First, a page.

Date Read: 16 July 2017
Published by Bloomsbury Publishing, August 2017
Verdict: Wonderfully executed meditation of grief and loss and growing up.
The haunting tale of a desolate cottage, and the hair-thin junction between this life and the next, from bestselling National Book Award finalist Gail Godwin.
After his mother’s death, eleven-year-old Marcus is sent to live on a small South Carolina island with his great aunt, a reclusive painter with a haunted past. Aunt Charlotte, otherwise a woman of few words, points out a ruined cottage, telling Marcus she had visited it regularly after she’d moved there thirty years ago because it matched the ruin of her own life. Eventually she was inspired to take up painting so she could capture its utter desolation.
The islanders call it “Grief Cottage,” because a boy and his parents disappeared from it during a hurricane fifty years before. Their bodies were never found and the cottage has stood empty ever since. During his lonely hours while Aunt Charlotte is in her studio painting and keeping her demons at bay, Marcus visits the cottage daily, building up his courage by coming ever closer, even after the ghost of the boy who died seems to reveal himself. Full of curiosity and open to the unfamiliar and uncanny given the recent upending of his life, he courts the ghost boy, never certain whether the ghost is friendly or follows some sinister agenda.
Grief Cottage is the best sort of ghost story, but it is far more than that–an investigation of grief, remorse, and the memories that haunt us. The power and beauty of this artful novel wash over the reader like the waves on a South Carolina beach.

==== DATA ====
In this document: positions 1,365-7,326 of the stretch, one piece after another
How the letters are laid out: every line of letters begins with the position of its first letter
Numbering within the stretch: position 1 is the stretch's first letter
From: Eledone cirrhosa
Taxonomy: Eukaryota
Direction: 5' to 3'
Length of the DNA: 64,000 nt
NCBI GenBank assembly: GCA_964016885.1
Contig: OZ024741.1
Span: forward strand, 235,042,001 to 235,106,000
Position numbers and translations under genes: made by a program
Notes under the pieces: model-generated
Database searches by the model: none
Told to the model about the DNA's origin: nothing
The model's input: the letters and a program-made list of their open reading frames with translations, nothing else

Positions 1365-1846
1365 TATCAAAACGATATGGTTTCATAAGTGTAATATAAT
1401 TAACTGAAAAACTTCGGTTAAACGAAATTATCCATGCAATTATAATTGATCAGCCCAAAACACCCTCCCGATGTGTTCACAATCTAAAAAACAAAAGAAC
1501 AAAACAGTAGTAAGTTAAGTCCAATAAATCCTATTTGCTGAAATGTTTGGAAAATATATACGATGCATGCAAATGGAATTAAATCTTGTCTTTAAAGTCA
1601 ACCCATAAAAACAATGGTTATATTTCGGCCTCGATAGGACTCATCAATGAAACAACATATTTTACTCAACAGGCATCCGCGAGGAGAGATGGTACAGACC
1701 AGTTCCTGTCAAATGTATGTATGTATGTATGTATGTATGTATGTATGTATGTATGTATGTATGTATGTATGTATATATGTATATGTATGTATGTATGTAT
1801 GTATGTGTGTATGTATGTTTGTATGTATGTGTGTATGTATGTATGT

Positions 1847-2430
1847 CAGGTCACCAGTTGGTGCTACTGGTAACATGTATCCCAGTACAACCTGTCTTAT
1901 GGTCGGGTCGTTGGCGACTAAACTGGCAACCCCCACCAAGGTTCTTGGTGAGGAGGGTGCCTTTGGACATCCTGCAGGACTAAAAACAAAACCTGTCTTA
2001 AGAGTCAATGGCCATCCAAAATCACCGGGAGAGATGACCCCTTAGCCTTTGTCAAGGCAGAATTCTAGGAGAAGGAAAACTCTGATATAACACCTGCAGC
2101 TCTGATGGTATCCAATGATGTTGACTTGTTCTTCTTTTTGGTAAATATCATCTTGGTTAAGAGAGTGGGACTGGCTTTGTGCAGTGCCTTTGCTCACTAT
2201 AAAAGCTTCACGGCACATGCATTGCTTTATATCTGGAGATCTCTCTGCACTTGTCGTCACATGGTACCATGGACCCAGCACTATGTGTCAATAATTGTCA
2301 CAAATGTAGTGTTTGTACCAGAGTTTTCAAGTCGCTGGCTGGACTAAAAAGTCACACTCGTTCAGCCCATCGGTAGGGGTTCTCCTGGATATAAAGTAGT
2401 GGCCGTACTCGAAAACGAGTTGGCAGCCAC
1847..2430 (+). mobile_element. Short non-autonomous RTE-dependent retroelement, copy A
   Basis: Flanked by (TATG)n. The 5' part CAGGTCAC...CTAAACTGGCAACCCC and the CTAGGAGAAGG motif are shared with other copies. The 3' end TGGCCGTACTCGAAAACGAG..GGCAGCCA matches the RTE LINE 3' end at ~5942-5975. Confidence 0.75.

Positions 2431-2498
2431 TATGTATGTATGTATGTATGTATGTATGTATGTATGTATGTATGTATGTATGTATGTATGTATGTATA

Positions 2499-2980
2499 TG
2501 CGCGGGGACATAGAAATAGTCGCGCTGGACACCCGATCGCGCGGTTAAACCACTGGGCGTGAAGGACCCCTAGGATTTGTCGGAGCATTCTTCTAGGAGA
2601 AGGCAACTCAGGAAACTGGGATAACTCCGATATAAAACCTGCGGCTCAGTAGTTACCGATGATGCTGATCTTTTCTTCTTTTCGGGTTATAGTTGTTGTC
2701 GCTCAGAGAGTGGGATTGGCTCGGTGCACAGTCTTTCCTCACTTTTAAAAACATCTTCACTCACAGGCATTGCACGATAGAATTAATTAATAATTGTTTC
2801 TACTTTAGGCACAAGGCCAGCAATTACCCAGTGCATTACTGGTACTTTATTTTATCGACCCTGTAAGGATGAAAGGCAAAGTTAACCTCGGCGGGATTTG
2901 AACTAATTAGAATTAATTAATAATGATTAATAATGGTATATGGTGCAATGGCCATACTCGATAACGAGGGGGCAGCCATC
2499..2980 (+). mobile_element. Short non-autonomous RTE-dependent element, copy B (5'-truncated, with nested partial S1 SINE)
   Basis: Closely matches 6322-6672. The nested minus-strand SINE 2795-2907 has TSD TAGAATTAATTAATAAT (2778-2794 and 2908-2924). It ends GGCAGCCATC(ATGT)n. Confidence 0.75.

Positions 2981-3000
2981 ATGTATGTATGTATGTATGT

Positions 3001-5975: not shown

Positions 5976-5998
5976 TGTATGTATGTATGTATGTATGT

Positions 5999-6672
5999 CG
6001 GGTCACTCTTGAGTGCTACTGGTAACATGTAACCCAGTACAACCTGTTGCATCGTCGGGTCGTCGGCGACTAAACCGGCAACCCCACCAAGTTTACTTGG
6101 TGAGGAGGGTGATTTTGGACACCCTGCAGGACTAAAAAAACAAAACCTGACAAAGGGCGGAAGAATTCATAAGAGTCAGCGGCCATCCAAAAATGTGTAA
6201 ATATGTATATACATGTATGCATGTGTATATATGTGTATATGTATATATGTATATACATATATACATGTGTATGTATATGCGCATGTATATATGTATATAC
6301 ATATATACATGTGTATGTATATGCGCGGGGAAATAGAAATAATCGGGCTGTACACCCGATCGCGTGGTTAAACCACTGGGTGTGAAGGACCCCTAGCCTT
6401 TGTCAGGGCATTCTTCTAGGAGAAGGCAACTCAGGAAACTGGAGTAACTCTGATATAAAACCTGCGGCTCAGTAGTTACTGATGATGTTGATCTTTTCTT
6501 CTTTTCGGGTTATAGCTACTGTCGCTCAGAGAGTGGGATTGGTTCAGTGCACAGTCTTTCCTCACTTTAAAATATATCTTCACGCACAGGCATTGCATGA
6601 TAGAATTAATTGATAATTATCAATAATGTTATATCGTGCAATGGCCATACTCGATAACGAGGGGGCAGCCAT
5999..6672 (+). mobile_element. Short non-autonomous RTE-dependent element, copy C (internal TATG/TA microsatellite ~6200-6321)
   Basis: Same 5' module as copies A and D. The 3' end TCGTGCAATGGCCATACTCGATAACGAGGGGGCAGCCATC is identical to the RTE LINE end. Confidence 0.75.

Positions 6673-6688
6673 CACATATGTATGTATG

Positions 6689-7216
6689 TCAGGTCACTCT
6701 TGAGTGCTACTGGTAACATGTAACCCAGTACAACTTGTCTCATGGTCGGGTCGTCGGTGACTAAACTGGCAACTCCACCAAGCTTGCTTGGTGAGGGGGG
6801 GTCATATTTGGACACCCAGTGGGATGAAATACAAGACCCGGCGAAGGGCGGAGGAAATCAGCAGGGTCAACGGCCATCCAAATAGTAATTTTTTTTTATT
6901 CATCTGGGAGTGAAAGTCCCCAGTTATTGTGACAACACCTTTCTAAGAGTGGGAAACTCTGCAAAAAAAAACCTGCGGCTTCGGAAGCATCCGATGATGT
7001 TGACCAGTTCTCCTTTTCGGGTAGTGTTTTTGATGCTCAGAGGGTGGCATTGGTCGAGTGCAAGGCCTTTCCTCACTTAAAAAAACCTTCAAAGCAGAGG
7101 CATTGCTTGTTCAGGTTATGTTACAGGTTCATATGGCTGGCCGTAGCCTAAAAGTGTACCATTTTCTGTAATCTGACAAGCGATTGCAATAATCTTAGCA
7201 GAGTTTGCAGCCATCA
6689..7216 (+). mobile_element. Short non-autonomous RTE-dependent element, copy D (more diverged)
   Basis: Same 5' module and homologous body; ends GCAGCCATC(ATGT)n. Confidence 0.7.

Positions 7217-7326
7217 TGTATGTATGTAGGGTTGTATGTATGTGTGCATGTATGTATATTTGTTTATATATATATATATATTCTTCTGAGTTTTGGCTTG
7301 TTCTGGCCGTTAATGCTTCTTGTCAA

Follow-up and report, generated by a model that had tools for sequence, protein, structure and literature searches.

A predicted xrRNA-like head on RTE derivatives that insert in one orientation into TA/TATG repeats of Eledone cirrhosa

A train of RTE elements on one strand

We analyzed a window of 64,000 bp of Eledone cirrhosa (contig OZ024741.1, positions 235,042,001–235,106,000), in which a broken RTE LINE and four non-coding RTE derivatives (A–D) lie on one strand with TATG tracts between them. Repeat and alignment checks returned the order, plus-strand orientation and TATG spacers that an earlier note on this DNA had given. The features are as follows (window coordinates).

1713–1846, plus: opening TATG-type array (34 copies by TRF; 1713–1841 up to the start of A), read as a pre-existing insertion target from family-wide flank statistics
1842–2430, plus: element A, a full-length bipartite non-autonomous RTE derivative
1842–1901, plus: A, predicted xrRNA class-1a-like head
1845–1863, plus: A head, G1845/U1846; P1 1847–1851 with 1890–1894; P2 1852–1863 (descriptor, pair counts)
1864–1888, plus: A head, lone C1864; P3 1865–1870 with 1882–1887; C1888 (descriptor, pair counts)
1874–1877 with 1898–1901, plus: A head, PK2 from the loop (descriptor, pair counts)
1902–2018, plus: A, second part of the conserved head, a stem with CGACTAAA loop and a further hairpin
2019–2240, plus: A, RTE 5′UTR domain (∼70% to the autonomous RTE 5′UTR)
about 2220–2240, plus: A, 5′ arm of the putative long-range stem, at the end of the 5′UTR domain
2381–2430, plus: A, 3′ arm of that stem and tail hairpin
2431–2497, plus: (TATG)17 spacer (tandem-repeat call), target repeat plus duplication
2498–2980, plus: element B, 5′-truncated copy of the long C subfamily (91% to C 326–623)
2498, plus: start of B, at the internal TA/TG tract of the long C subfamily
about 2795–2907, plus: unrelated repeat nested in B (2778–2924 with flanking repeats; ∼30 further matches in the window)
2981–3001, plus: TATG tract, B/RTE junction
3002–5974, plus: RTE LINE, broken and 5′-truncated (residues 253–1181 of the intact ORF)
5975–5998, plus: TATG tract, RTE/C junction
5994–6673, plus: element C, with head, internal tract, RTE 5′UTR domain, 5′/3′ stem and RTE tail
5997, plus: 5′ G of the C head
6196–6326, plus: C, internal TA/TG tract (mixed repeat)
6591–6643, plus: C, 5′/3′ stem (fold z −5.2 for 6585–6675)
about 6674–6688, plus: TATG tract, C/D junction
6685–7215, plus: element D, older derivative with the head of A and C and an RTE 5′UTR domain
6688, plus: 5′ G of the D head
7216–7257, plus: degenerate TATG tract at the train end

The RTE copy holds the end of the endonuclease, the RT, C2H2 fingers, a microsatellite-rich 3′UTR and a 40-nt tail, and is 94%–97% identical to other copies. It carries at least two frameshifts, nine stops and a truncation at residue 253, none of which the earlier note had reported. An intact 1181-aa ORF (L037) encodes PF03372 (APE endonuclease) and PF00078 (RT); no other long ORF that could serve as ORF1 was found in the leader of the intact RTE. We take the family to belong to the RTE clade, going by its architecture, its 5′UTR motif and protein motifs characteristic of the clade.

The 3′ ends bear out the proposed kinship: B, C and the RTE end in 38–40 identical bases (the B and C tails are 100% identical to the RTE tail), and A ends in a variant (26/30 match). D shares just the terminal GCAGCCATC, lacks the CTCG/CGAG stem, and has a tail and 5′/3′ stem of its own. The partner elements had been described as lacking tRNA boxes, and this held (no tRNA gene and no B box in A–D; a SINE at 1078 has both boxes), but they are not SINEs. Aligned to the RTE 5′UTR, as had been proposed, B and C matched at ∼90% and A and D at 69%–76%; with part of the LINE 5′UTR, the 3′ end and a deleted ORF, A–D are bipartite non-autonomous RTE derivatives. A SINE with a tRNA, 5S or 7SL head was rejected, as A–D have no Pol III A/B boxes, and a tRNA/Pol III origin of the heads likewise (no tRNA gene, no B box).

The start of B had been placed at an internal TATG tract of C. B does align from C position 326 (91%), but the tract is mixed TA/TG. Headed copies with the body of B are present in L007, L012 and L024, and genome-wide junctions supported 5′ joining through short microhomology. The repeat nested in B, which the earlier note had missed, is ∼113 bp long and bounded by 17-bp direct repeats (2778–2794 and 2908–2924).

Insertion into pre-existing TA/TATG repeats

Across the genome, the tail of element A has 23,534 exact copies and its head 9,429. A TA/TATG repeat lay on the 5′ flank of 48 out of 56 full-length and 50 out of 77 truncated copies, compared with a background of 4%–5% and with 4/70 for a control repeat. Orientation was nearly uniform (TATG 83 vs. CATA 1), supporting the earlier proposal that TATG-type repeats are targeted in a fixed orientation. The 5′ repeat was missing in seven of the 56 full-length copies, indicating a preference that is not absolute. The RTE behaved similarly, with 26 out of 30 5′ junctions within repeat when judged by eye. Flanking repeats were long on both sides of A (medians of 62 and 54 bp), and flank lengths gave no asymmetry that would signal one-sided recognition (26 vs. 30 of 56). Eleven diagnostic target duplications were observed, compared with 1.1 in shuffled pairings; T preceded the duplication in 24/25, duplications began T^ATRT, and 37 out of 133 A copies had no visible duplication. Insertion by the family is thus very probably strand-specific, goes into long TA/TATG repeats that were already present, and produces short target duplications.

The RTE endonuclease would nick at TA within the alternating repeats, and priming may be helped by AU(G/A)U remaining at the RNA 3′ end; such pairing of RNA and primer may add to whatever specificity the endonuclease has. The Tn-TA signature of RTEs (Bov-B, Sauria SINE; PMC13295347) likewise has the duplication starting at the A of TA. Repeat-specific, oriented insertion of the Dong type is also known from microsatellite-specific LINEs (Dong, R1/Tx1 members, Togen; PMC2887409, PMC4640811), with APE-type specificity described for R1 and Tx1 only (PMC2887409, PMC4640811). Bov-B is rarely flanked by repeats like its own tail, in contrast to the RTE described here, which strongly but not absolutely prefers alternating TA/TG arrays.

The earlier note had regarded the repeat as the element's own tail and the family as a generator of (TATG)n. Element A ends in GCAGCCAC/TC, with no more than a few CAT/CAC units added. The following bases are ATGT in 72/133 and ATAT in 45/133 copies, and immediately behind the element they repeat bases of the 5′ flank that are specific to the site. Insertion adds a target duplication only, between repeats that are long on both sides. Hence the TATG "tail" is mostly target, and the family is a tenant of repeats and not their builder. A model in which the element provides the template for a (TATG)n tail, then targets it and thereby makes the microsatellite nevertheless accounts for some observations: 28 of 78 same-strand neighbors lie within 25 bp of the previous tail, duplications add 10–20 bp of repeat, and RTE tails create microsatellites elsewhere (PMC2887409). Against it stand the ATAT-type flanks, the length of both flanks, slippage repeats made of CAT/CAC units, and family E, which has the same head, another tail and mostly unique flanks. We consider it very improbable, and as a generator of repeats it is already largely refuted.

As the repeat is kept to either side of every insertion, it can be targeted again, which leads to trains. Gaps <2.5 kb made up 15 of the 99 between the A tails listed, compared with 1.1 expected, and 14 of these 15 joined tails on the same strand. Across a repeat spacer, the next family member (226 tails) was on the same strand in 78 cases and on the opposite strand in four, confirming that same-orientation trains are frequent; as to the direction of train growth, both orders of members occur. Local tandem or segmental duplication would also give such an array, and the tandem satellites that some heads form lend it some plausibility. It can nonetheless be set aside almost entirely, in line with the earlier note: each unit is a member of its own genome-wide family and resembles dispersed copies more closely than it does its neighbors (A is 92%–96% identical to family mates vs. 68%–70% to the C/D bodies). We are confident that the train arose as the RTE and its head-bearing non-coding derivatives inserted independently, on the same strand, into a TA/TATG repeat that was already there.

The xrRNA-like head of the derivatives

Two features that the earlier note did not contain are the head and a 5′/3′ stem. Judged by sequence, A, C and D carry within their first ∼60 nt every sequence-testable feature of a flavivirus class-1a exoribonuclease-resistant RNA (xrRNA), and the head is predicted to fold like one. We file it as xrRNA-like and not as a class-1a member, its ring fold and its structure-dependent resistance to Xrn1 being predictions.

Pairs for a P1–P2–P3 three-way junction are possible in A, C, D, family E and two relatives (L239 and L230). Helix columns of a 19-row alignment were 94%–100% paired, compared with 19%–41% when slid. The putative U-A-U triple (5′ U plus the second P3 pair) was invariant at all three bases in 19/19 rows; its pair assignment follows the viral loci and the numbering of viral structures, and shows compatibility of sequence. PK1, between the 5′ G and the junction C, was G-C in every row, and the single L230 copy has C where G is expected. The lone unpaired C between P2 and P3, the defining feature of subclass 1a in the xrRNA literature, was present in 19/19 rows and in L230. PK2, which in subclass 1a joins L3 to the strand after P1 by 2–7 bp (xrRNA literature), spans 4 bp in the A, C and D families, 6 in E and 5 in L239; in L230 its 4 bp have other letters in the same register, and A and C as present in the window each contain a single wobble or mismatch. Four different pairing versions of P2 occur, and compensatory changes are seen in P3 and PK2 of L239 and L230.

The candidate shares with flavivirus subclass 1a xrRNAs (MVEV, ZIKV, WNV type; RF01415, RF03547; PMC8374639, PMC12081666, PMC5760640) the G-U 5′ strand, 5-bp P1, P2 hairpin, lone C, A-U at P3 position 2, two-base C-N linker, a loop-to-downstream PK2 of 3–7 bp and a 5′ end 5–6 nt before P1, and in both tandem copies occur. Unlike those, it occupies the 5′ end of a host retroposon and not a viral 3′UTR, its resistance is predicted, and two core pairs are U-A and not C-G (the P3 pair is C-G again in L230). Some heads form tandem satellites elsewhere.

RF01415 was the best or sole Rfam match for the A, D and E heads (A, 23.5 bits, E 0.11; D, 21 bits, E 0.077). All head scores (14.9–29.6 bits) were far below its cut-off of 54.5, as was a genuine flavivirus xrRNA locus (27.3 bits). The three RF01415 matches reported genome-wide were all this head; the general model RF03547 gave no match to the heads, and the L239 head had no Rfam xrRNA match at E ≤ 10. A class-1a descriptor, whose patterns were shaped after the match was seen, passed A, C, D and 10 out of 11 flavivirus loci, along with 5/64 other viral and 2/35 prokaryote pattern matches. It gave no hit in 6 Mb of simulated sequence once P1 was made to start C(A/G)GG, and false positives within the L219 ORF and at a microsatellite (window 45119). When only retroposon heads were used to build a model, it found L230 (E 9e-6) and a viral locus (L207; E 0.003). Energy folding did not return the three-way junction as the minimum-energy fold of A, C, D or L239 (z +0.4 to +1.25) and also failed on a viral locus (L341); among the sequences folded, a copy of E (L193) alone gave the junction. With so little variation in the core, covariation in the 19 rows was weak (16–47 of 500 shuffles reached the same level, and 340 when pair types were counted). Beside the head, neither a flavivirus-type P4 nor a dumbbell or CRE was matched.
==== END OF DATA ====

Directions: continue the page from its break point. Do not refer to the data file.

This is a wonderful meditation of grief and loss but also on family and human connection. I absolutely adored this very slow-moving, character focussed novel – but I thought the ending fizzled out and focussed different aspects than I would have liked.
This book follows Marcus, who after just having lost his mother moves to live with his great-aunt Charlotte. She is a bit of a hermit, earning her money painting pictures of the island she lives on and avoiding human interaction as much as possible and has to drastically alter her life to accommodate having an 11-year-old boy live with her. Marcus becomes obsessed with an old house and its history – especially with the history of the boy who lost his life there whose body was never found and whose ghost he starts to see and converse with.
Marcus and Charlotte circle each other, both unsure what to make of the other and of the way their lives have changed; both are not particulary articulated, they are closed off and try to solve their problems on their own. They do not know how to help each other, but they try anyways. I love the human connection that is at the core of this novel and I adore the personification of it by the way of Lachicotte – a wonderful character with so much empathy and love
The story unfolds very very slowly and carefully, moving in circles much in the same way Marcus’ thoughts move in circles around the unbelievable fact of his mother’s death. Gail Godwin creates a mesmerizing picture of a place and of a feeling where the roughness of nature mirrors Marcus’ loss in an absolutely spell-binding way.
First (two) sentence(s): “Once there was a boy who lost his mother. He was eleven years, five months, four days – and would never know how many hours and minutes.”
I received an arc of this book curtesy of NetGalley and Bloomsbury Publishing in exchange for an honest review. Thanks for that!